HESS J0632+057 identified as TeV binary

September 2011

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The location of HESS J0632+057, coincident with the massive star MWC 148, near the Rosette Nebula and the Monoceros Loop. From Maier et al. 2011

Most Galactic TeV gamma-ray sources are extended objects; the few point-like sources are either very distant or objects where the young age of the source or strong radiation fields or magnetic fields prevent significant propagation of particles. Binary systems, where a neutron star or stellar-mass black hole orbits a massive star with a strong radiation field, hence tend to appear as point sources.

When the point source HESS J0632+057 was discovered (Aharonian et al. 2007, SOM Feb. 2007) near the Monocerus Loop and the Rosette Nebula (top image), it was suspected to represent a binary system (Hinton et al. 2009), in particular since its location coincided with the massive star MWC 148 and its wide-band emission spectrum resembled that of other binaries.

However, confirming this hypothesis turned out to be quite a challenge. Binaries should be characterized by variable and periodic emission, and indeed first evidence for variability in gamma rays and X-rays was found by Acciari et al. in 2009. A variable radio counterpart was also detected by Skilton et al.. Yet, no indication for periodic variability could be found on time scales of days to months (Falcone et al. 2010), and optical photometric and spectroscopic observations did not reveal significant variability or radial motion of the massive star suspected as the companion (Aragona et al. 2010, Casares et al. 2011). In 2011, the VERITAS and MAGIC gamma-ray telescopes reported increased activity of HESS J0632+057 (Ong et al. and Mariotti et al.).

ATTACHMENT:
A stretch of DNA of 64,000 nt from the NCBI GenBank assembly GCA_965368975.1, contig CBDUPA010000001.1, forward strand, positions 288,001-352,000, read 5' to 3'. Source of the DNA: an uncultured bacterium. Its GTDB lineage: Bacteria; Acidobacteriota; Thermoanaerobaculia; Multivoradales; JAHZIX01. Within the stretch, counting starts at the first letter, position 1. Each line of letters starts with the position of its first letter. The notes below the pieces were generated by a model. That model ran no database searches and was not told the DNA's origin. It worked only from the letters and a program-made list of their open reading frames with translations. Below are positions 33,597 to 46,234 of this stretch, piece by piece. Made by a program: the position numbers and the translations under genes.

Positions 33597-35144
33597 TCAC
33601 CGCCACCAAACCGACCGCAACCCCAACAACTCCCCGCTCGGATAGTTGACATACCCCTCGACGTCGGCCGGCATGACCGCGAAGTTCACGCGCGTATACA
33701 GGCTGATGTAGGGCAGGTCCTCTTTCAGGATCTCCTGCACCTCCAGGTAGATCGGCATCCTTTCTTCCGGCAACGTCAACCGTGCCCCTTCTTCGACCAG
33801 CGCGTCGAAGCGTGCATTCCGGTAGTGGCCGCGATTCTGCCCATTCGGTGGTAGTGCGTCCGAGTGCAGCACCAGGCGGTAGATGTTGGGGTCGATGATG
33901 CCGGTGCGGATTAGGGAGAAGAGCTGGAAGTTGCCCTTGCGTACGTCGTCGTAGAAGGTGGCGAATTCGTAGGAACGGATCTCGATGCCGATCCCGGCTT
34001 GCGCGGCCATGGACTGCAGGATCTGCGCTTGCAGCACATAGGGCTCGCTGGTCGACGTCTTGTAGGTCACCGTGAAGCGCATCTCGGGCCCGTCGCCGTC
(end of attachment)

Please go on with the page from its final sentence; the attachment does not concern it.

Finally, the long-term X-ray observations with SWIFT succeeded in confirming the nature of HESS J0632+057: Bongiorno et al. (2011) presented strong evidence for periodic X-ray variability with a very long period of 321+-5 days, observed over 3 periods (Fig. 1, Fig. 2). The long period had made this discovery difficult and time consuming, requiring significant perseverance by the observers in the various wavebands. Both the gamma-ray and X-ray light curves are complex (Fig. 2) and (Fig. 3). The TeV light curve combining H.E.S.S. and VERITAS data was first shown at the International Cosmic Ray Conference in 2011 (Maier et al.) and exhibits a strong peak at orbital phase around 0.3.

HESS J0632+057 is the first binary discovered on the basis of TeV observations.

Fig. 1: X-ray light curve of the source XMMU J063259.3+054801, coincident with HESS J0632+057. The light curve is fitted with a 321-day periodic function composed of a sum of Gaussians. From Bongiorno et al. (2011)
Fig. 2: X-ray light curve folded over a period of 321 days, with observations during the different cycles indicated by diamonds, crosses and squares. From Bongiorno et al. (2011)
Fig. 3: TeV light curve resulting from H.E.S.S. and VERITAS observations, folded with the X-ray period of 321 days. From Maier et al. 2011